It’s not always an easy time of year Christmas. For many years it has been my favourite time of year. Our family Christmas is so steeped in Christian tradition and ritual. It was only as I got older that I realised that people don’t have the exact same experience at Christmas that I do.
Our Christmas Day usually proceeds by an opening of stockings before heading to church at 9am (ouch! – particularly in the teen years after a heavy Christmas eve drinking session!) and then heading home to help peel the vegetables and prepare for lunch. It was also a time to wrap presents last minute if you hadn’t done so already… (that obviously never happened to me…) Lunch usually happens around 2pm and then there is the inevitable break at 3pm to watch the Queens speech. Thereafter we have pudding followed by tea or coffee in the living room and at about 5pm we are ready to open – the usually obscene amount of – presents from under the Christmas tree. After this there was time for games or a movie or both. Inevitably we’d all get hungry again (how does that happen!) and we’d eat bubble and squeak with cold meats and pickles.
Each year of my life I have been fortunate enough to experience Christmas Day with usually all four of my grandparents. Who are still alive today and incidentally we were a group of 19 family members on Christmas Day this year! It is such an awesome day, that flies by so quickly and I always wish it could have lasted longer.
When we were younger on Christmas Eve, we used to shout up the chimney to Father Christmas and tell him what we wanted for Christmas. Father Christmas used to throw down pennies and sometimes pounds if he could hear us and would be getting the presents we’d asked for. Dad would then race to the window and shout that Father Christmas must be leaving and then exclaim triumphantly that he just saw his sled and lights twinkle around the side of the house and oh! ‘Oh now he has gone…’
Honestly it was and still remains to me, a magical time of year. And yet as I entered my thirties, Christmas and it’s magical nature seemed to shift into something a little more bittersweet.
A friend died in December 2015, and that was a major shift. After her death came more deaths, and seemingly always around the cold dark run up to Christmas. Friends of friends, parents of friends, family and friends. And each year it’s been a little less magical for me. And each year I’m so sad about that. Not for me necessarily, but also, empathetically, I am sad for all those that have lost someone, not just around the time of Christmas either. Death and illness doesn’t care what time it happens. It doesn’t matter what time of year you lose someone, ultimately the experience of not having everyone there together like before, for whatever reason, is heartbreaking.
Perhaps this is what it is to grow up, to develop. To realise you are not invincible. Perhaps the death and loss and grief of relationships lost; this is all just part of life now, where it never held such president before. We learn and we grow and we adapt. But through those lessons, how we see the world also alters, and therefore we start to experience traditions differently. It sounds so obvious now i’m typing it. But it is strange how I think we just seem to accept it happening, and don’t always spend time reflecting on it. I’m sure if I am ever able to have children, that the feelings I have about Christmas will change once again.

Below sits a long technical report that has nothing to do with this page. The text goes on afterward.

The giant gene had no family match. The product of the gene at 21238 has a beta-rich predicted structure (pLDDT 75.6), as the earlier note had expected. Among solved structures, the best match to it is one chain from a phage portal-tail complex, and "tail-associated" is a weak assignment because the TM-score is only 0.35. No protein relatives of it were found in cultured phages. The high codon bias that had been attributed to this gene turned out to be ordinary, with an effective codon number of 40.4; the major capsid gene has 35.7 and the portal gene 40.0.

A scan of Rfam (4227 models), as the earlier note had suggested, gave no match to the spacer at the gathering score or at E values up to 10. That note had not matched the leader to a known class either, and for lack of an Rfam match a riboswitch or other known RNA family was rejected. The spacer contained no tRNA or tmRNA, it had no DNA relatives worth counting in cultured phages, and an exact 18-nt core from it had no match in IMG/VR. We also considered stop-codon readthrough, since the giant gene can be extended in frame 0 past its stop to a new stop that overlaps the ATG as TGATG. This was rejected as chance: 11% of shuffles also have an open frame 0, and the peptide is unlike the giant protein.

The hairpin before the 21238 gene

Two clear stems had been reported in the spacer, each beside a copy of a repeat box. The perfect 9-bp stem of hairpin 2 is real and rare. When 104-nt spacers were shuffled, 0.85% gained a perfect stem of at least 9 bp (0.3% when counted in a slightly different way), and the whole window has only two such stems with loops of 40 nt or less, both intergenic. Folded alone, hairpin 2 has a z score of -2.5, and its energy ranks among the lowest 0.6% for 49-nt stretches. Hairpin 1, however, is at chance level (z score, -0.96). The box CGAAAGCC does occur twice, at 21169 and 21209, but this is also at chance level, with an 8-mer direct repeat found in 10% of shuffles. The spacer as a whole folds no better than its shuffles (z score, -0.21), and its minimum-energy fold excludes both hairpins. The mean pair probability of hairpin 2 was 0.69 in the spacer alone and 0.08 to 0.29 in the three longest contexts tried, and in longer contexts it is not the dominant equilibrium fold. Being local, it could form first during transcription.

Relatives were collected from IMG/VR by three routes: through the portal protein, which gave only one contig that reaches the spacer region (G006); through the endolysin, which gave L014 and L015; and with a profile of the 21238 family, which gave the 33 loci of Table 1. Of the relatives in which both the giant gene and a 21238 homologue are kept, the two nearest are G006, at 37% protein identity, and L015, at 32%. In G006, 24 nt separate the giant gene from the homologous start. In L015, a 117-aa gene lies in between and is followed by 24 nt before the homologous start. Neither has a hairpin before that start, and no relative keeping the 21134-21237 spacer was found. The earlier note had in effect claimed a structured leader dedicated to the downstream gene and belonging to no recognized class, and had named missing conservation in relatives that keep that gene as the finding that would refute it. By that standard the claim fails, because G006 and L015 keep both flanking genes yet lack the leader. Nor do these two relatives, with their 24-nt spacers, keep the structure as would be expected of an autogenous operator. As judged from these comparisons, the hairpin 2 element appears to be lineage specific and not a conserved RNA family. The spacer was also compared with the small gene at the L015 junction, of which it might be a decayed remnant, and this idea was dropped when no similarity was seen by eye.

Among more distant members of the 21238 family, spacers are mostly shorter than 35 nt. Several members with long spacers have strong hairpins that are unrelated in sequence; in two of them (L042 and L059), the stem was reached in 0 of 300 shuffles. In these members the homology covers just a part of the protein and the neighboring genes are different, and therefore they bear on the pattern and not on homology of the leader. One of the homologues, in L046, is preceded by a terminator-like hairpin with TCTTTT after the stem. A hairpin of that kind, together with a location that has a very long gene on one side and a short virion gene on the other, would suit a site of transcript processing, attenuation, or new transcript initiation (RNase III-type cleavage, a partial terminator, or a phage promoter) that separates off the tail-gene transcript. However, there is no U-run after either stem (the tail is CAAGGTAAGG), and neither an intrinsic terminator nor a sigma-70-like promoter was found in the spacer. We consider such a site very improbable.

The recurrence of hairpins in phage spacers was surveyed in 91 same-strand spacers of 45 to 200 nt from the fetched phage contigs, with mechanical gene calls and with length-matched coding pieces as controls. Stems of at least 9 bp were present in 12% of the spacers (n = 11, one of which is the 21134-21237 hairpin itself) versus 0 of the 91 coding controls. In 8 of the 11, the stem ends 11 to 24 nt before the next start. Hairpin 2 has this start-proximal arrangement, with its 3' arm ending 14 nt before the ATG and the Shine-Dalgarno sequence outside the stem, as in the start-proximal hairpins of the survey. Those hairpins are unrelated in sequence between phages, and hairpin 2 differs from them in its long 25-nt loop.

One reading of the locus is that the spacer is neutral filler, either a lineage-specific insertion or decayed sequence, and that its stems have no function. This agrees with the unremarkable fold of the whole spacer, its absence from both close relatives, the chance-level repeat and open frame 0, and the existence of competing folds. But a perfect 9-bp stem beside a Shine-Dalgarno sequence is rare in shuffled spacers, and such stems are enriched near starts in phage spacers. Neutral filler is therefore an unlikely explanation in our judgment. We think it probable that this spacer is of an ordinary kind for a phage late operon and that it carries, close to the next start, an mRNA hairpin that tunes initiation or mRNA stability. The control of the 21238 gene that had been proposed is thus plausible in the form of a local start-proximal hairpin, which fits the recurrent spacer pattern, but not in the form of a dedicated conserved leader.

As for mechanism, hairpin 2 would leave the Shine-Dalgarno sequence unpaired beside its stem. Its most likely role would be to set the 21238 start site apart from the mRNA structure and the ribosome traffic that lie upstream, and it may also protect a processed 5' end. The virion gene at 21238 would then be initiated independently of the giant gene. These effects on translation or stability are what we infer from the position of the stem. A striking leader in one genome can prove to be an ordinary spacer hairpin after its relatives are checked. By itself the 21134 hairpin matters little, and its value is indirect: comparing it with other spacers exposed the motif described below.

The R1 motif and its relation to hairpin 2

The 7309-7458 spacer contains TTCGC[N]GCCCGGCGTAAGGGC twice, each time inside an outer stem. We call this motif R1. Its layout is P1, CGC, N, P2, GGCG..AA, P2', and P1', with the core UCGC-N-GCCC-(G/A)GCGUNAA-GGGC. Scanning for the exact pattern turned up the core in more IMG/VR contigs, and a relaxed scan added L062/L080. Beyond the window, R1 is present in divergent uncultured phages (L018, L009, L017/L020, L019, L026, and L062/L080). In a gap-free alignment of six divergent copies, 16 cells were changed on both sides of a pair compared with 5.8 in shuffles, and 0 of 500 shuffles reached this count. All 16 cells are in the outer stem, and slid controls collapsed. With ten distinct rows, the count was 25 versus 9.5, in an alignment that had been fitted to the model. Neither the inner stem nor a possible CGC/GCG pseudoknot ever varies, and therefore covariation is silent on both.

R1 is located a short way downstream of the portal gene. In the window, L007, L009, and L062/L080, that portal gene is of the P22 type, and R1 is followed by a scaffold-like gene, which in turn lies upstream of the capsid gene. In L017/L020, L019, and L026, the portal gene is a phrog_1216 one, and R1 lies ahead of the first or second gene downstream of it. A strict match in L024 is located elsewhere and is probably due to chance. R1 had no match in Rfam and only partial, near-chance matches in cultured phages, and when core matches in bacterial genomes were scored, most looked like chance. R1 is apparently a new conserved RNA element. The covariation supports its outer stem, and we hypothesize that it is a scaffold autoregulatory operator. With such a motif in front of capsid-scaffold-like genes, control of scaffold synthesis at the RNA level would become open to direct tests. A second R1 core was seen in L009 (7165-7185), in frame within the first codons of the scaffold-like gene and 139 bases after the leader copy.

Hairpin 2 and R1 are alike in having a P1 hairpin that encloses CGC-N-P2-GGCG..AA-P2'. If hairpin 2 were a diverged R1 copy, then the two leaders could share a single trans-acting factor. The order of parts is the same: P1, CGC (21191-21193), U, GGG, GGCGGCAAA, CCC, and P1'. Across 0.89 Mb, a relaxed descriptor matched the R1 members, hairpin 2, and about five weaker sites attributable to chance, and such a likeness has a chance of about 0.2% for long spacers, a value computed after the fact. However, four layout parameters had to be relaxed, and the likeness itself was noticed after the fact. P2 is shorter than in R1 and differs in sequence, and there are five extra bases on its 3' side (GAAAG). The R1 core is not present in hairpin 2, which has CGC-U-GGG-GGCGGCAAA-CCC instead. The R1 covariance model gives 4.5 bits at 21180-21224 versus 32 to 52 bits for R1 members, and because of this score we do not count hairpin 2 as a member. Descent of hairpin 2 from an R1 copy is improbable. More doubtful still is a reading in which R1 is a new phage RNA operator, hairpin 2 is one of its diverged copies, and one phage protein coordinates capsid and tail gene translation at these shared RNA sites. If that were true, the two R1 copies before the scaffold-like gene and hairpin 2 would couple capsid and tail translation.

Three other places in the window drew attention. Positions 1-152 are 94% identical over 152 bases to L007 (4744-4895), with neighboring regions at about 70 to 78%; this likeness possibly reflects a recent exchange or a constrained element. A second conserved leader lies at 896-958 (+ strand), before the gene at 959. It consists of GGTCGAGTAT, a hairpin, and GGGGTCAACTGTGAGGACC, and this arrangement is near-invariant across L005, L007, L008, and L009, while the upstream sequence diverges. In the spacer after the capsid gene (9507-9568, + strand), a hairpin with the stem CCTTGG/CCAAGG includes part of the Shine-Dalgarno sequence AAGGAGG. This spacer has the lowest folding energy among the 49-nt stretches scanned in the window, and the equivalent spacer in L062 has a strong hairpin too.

Most people experience a different Christmas Day to me. But amongst our differences, there is always an element of tradition, and this is seemingly whether you are a follower of the Christian faith or not.
This year felt more exciting than the last few because we were spending Christmas elsewhere. So a sense of excitement and preparation had ensued that I haven’t felt for a long time.
I think that ultimately, Christmas is a time to be around those we call family. That doesn’t necessarily mean blood relatives, but perhaps those that we would consider to be our ‘home’.
And home changes. It expands, it shrinks, it can be all consuming, and intense and tough and it can be nostalgic and memorable and loving.
Growing up with four brothers I always think when we all meet up, having had the same upbringing; that we’ll all just magically get along. However, as we all get older and get used to not actually living with one another, it does shift. We spend the first few hours/days reacclimatising to one another and our dynamics. Then you add in cousins and grandparents and aunts and uncles and I guess eventually young children and babies… you can see why Christmas and home and family can become pretty bonkers!
I’m so glad for my family, our Christmas was certainly memorable and full of togetherness and happiness. But it was exhausting, and it flew by.
Now to a new decade. A new era. I remember the millennium and thinking how far away a year like 2020 sounded. I remember thinking that even 2013 sounded like a long time away. And I remember thinking that in about 2009.
I wonder what this decade will hold. And how and if we will continue to live out traditions; and what grief and milestones will make us change and mould our lives around new traditions and rituals.